It’s always heartening to read about insurance being made available to a market or sector that for whatever reason has not been able to benefit from risk transfer in the face of natural disaster.
So the news that countries of Central America will now be able to access affordable catastrophe cover by joining the former Caribbean Catastrophe Risk Insurance Facility–now the CCRIF SPC–is a positive.
A memorandum of understanding signed by the Council of Ministers of Finance of Central America, Panama and the Dominican Republic (COSEFIN) and CCRIF SPC will allow Central American countries to join the sovereign catastrophe risk insurance pool.
Nicaragua has signed a participation agreement to become the first Central American country to join the pool. Other member nations of COSEFIN are expected to join later this year and in 2016.
A press release puts some context around the need:
Climate change also represents a significant development challenge, with average economic losses due to weather-related disasters amounting to 1 percent or more of GDP in 10 Caribbean countries and four Central American nations, including Nicaragua.”
As Artemis blog reports here, some 16 Caribbean countries are now members of the 2007-established CCRIF SPC, benefiting from parametric insurance products covering tropical storm and hurricane risks, earthquake risks or excess rainfall risks.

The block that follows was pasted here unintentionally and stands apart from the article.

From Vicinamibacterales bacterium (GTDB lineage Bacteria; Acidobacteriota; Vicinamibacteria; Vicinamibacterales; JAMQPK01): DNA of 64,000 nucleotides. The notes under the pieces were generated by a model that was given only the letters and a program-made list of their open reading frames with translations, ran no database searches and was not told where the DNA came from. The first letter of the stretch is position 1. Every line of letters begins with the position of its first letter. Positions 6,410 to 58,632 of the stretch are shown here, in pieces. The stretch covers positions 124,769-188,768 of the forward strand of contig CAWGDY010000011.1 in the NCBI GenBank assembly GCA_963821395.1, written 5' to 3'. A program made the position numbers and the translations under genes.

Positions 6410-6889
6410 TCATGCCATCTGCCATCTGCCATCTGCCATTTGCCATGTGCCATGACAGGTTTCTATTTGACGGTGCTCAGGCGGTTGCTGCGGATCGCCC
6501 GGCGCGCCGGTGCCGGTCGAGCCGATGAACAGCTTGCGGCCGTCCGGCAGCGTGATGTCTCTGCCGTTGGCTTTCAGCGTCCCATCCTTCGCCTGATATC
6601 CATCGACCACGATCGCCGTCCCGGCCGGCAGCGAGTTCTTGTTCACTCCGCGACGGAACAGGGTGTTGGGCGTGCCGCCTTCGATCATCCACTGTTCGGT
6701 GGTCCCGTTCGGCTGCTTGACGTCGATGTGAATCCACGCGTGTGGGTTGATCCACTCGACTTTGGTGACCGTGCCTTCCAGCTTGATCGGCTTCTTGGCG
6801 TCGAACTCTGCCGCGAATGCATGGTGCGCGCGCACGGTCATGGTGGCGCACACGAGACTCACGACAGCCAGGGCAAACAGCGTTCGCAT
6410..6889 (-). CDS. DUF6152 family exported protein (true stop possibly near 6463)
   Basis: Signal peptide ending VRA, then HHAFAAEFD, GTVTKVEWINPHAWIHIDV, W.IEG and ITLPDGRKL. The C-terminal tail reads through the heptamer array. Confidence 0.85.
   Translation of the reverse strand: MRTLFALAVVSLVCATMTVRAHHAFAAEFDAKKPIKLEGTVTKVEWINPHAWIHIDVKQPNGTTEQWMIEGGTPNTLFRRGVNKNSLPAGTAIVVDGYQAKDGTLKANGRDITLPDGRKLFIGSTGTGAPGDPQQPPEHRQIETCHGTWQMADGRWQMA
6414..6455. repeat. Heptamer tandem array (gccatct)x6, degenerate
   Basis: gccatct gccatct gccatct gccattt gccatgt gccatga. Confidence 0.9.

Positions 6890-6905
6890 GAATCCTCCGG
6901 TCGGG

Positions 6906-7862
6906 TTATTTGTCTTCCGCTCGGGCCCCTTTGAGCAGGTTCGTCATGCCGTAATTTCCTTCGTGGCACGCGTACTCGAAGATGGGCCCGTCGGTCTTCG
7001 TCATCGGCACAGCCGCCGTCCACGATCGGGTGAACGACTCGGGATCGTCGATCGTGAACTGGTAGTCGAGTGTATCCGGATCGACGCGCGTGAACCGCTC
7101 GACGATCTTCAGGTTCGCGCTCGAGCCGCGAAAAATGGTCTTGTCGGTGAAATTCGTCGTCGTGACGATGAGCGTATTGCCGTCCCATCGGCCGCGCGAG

The risk pooling facility helps its members to access post-event risk financing, based on the actual event parameters, with a rapid payout and disbursement of as little as two weeks possible. This enables countries to access financing for recovery from natural catastrophes, while benefiting from cheaper premiums due to the risk pooling nature.”
The newly-expanded 23-nation partnership is a win-win for both existing and new CCRIF members, providing low prices due to more efficient use of capital and insurance market instruments. New members will be able to take advantage of CCRIF’s low premium costs and existing members could realize premium reductions due to the increased size of the CCRIF portfolio.
Consider this example: the CCRIF made a $7.75 million payout to the Haitian government some two weeks after the January 2010 earthquake hit close to Port-au-Prince. The value represented approximately 20 times the premium of $385,500 based on Haiti’s catastrophe insurance policy for earthquakes for the 2009/2010 policy year.